Excitement enters Tara Tschritter’s voice as she starts to talk about living little.

“Living in a small space is so doable if you’re innovative and can have more storage,” said the owner of Little House Contracting Co.

“This concept resonates with lots of people because you can own less and live more. You don’t have to be tied to a big house and you have a smaller environmental footprint.”

Tschritter is saying this as she stands in the well-appointed kitchen of a new 735-square-foot two-bedroom home in Kelowna’s north end.

She’s billing the grey-sided residence as Kelowna’s first micro house.

“I’d say any two-bedroom single-family home less than 1,000 square feet is micro,” she said.

“It’s the size of an apartment, but it’s fully detached, so you get all the advantages of a single-family home like great outdoor space and windows on all four sides so you have lots of natural light.”

Tschritter built this micro house in the backyard of Corine Riemer’s postwar home at 757 Stockwell Ave., with back alley access. The micro home’s address is 755 Stockwell.

It’s where carriage houses are typically built as a way to create a secondary suite over a garage.

However, what’s different about the micro house is it doesn’t have a garage in it and it looks like a petite-proportioned, stylish bungalow.

Riemer, a real estate agent, doesn’t yet know what she’ll do with the micro house.

She might move into it herself so her daughter can continue to live in the main house.

Or, she might rent it out furnished.

She thinks it might rent for as much as $1,800 a month because it’s new, stylish, has two bedrooms, will come furnished, and has an off-alley parking spot and a big patio.

Tschritter will show off the micro house at a grand opening from 10 a.m. to 2 p.m. Saturday and then will have open houses Nov. 8, 9, 10, 14 and 15 from 10 a.m. to 2 p.m. and the evenings of Nov. 8 and 10 from 6 to 8 p.m.

Her goal is to show off what her Little House Contracting Co. can do.

After working seven years as the executive director of Inn From the Cold, the charity that provides seasonal shelter and food for the homeless, Tschritter wanted to become her own boss.

“I wanted to be an entrepreneur and have a business that’s value-driven,” she said.

“Micro homes provide housing with a smaller environmental footprint.”

Tschritter’s husband, Todd Jensen, is also in construction. He does most siding with his Jensen Contracting. In fact, he did the grey Hardie board exterior on the micro house.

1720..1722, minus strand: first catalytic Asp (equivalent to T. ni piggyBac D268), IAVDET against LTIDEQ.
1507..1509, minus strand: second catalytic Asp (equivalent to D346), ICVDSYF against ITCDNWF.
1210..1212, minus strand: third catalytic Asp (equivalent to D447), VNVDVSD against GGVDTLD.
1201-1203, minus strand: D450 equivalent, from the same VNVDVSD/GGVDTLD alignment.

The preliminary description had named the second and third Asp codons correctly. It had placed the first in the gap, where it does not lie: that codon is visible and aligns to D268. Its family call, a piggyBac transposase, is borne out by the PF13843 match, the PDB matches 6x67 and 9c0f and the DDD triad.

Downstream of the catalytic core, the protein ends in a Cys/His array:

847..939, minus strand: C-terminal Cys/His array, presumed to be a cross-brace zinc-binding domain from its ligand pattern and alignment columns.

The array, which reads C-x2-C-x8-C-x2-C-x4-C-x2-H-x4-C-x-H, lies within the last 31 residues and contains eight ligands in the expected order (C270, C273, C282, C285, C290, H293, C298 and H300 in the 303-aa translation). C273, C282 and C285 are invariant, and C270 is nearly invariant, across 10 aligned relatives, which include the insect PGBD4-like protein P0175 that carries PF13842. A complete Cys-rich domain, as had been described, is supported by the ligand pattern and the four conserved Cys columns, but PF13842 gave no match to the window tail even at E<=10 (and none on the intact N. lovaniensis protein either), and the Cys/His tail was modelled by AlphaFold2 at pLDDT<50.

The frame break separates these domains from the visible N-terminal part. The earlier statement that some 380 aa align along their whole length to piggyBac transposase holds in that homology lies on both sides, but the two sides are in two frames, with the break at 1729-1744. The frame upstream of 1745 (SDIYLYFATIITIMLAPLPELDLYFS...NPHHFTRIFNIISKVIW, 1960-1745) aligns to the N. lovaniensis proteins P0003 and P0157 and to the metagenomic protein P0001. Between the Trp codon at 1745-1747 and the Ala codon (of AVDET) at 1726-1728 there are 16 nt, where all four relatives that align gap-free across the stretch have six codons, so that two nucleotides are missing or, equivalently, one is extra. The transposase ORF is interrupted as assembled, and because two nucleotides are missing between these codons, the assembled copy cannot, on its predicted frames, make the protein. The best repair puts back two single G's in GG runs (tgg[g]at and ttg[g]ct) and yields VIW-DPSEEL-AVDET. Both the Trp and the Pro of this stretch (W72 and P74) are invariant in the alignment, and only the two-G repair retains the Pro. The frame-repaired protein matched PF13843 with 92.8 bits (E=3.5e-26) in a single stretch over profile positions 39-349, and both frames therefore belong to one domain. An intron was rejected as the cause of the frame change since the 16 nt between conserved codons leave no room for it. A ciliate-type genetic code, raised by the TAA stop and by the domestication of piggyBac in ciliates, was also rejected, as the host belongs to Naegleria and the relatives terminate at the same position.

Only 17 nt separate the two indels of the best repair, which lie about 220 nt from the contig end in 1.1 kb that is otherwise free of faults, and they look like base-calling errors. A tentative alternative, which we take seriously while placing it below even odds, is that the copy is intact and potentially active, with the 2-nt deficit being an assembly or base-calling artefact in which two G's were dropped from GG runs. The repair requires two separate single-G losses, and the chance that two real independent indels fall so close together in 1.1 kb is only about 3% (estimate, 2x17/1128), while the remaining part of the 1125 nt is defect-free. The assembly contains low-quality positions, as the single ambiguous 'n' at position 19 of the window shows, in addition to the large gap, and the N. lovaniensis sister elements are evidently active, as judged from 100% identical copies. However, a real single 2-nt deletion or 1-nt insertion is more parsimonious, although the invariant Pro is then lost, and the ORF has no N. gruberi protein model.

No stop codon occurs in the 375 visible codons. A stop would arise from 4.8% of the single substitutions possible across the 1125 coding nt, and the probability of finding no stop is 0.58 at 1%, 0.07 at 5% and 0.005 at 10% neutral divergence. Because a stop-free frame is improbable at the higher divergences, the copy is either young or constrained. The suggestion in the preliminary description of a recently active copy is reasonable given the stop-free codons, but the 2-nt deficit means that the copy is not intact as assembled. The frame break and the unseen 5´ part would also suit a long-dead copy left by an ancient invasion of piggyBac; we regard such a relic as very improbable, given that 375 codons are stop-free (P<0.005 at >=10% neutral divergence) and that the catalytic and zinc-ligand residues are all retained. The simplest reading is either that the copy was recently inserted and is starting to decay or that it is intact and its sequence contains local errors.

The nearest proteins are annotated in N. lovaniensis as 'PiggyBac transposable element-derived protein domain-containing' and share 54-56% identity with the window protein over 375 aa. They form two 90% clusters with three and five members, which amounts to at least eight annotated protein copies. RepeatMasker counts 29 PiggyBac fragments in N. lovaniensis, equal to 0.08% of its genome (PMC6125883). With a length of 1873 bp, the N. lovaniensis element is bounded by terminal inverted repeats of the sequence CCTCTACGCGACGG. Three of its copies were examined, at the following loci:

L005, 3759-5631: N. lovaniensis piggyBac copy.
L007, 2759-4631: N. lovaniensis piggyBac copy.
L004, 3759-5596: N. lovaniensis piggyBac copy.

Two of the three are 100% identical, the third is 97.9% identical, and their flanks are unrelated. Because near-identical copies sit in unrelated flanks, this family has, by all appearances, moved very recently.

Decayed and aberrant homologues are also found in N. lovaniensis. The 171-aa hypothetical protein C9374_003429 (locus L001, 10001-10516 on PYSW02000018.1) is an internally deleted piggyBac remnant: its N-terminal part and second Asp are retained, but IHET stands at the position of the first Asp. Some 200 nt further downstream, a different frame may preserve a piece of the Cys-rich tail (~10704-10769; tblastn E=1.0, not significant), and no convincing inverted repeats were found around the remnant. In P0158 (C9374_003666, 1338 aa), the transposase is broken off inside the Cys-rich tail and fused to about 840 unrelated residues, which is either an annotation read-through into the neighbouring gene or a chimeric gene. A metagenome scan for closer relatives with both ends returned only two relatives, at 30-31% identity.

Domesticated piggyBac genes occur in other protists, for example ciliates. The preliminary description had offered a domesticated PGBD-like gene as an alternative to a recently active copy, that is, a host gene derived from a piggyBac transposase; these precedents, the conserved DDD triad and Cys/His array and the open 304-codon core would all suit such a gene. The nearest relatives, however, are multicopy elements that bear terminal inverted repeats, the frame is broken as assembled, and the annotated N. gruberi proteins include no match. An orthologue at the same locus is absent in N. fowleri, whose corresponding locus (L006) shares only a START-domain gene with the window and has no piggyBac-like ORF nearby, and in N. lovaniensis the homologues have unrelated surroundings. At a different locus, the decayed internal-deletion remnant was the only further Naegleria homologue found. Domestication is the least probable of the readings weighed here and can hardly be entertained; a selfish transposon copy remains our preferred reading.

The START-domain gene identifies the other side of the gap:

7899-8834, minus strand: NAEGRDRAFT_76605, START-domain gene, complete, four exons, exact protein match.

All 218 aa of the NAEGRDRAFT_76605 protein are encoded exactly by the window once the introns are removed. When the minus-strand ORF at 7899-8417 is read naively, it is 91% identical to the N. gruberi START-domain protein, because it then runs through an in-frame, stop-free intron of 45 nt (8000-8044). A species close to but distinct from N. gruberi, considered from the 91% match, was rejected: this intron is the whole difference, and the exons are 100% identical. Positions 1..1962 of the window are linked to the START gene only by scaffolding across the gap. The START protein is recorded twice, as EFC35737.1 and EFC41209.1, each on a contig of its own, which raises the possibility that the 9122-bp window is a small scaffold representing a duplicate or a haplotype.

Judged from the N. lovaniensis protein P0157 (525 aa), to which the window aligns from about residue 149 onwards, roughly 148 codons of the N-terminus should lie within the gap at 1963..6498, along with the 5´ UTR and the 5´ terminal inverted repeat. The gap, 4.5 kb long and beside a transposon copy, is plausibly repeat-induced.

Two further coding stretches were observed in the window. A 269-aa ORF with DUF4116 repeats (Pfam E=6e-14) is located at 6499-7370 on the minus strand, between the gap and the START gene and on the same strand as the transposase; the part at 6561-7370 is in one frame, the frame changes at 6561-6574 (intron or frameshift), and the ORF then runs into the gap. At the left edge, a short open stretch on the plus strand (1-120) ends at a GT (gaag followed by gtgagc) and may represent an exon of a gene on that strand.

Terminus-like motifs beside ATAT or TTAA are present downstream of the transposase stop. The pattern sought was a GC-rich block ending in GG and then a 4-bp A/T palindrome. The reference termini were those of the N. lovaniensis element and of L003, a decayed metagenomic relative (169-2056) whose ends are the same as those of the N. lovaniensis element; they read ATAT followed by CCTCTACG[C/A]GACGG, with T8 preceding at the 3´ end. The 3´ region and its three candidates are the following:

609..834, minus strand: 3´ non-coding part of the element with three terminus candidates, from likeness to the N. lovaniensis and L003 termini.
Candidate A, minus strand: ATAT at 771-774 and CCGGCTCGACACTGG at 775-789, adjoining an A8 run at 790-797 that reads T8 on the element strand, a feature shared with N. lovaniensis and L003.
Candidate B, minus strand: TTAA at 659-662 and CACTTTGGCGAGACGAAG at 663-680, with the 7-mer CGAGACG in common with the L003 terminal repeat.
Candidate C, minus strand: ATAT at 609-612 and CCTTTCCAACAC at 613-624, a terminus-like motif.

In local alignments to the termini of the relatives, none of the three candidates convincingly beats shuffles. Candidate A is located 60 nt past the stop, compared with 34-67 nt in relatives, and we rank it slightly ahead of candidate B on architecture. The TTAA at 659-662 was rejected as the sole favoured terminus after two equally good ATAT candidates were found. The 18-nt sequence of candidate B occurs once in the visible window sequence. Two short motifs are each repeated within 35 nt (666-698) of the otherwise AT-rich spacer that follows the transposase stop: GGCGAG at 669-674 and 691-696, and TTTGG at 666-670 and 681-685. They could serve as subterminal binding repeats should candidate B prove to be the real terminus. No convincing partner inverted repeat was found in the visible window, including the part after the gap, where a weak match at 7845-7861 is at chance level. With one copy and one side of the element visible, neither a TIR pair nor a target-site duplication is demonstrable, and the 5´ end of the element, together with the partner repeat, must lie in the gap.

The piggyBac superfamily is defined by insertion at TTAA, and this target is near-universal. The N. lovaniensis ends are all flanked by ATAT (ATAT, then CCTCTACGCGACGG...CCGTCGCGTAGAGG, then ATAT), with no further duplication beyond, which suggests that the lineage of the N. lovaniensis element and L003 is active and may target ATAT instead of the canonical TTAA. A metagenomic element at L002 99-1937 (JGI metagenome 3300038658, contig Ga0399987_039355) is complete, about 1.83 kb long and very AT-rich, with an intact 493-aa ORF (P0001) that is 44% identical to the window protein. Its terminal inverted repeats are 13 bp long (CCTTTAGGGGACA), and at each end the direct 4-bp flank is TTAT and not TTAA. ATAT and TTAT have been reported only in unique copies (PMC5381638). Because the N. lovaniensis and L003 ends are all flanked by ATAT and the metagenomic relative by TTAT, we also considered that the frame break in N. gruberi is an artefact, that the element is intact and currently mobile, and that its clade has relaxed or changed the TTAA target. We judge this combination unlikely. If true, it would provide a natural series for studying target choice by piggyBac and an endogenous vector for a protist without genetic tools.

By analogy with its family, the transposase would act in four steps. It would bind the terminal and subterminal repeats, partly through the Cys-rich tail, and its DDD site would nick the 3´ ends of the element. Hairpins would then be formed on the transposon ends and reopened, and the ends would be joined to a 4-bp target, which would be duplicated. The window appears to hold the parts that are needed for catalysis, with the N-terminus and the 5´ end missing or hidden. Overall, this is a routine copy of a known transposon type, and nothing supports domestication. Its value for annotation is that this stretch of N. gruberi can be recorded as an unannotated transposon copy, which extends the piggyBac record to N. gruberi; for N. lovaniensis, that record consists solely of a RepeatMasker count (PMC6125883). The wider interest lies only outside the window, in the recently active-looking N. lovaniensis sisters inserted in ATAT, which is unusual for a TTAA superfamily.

Back inside the micro house, the kitchen, with island, is the size of many in full-sized homes.

It flows as one continuous space to the living room, which features two loveseats facing the barn-wood wall, on which a flat-screen TV and gas fireplace are mounted.

“You can get away with smaller spaces if things are mounted on the wall,” said Tschritter.

“People can also live little if you give them innovative storage space. That’s why there’s a big pantry, good-sized closets with built-in shelving, built-ins at the front door for coats and shoes, a window seat in the master bedroom, the furnace and hot-water heater in a closet, and full-sized washer and dryer stacked in another closet.”

The so-called master bedroom is only 9.5 feet by eight feet, or 76 square feet, but with a big window and the aforementioned window seat.

The room is also given the illusion of being bigger because one whole wall is the mirrored sliding doors to the ample closet.

It also has sliding-door access to the micro home’s one and only bathroom. There’s a full-size tub with shower in there and side-by-side sinks.

The other sliding door provides bathroom access to the rest of the house through the hall.

The second bedroom is slightly smaller at eight feet by nine feet, or 72 square feet, and also features a big window looking out over the patio.

This is Little House Contracting’s first build.

But it has three others in the works, which will be built instead of carriage homes in homeowners’ backyards.

Tschritter hopes the City of Kelowna creates new zoning to allow four micro homes on a standard-sized inner-city lot.

It’s a way to make housing more affordable and increase the inventory of both ownership and rental homes in a city where affordability and tight rental vacancy rates are issues.

Micro suites, apartments and condominiums of around 400 square feet have been a trend in Kelowna for the past few years.

People are willing to live small if it’s affordable, well-appointed and close to amenities like a city centre, shopping, recreation and culture.

Tschritter is also in talks with McKinley Beach to build an enclave of 55 micro homes in the McKinley Landing development.

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